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Typeset in the Future

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Examples of Eurostile from 2001: A Space Odyssey, Moon, and WALL•E.

Eurostile, its precursor Microgramma, and the very similar Bank Gothic, are sans-serif fonts used in many Science Fiction films to give a futuristic feel. In fact, they have been used so often that the presence of these fonts in the credits or set design now actually helps viewers to quickly understand the setting of the scene. They are most commonly used in their bold extended versions.

Common uses of Eurostile include signs on the inside (and outside) of spaceships; important text on computer display screens (especially those that need to be readable in long shots); dramatic film titles; and overlays on positioning shots to establish the location and / or chronology of the scene. A namesake blog keeps track of productions using typefaces like this.

Attempts to avert this, like several depiction, usually 90s fiction, of the future, with stylized texts, resulted in an Unintentional Period Piece with all those weird-looking "futuristic" fonts, as legible typesets are Truth in Television come the 2010s onward.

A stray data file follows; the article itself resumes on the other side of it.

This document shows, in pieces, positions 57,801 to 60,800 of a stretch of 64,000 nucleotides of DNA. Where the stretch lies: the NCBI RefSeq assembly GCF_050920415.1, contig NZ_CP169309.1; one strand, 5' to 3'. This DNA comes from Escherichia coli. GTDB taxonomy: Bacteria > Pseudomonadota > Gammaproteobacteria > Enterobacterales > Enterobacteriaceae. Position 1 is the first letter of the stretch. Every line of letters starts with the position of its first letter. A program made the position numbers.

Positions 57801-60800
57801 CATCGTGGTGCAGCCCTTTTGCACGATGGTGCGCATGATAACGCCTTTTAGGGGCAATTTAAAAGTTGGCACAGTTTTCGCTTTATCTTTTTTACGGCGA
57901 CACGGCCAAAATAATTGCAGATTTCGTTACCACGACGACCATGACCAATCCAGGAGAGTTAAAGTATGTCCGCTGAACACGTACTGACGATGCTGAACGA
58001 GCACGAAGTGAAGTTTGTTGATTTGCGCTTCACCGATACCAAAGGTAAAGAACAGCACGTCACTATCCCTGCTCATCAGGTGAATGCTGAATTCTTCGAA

Compare and contrast Foreign-Looking Font when used in an historical context.

See also We Will Use WikiWords in the Future.


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    Comic Books 

    Film — Animated 
  • WALL•E uses Eurostile for its on-wall direction signs.
  • Pixar also use Eurostile in The Incredibles, on Syndrome's computer.
  • Eurostile is also used in plenty of the spy technology in Cars 2.
  • Arthur Christmas uses Bank Gothic for its interstitial location overlays.

    Film — Live-Action 
  • The user interface for HAL 9000 in 2001: A Space Odyssey uses Eurostile Bold Extended, and is almost certainly the Trope Maker for this particular trope.
    • In its sequel, 2010: The Year We Make Contact, all the Russian signage aboard the Leonov is set in Eurostile Bold Extended modified with Cyrillic letters. This wasn't done completely accurately: for example, an inverted V is used for the Cyrillic equivalent to L, making it look like the Greek Λ (used in Bulgarian, Macedonian and Serbian) instead of the more correct Russian Л.
  • The title slide for Terminator Salvation is set in Eurostile Bold Extended. Eurostile is also used for on-screen computer interface designs throughout the film.
  • Moon features Eurostile (and particularly Eurostile Bold Extended) throughout its set design and on-screen UI.
  • Ever since Star Trek: The Motion Picture, exterior markings on all Federation spacecraft were set in Eurostile Bold Extended. In the alternate universe created in Star Trek (2009), Eurostile (Regular) Extended is used instead.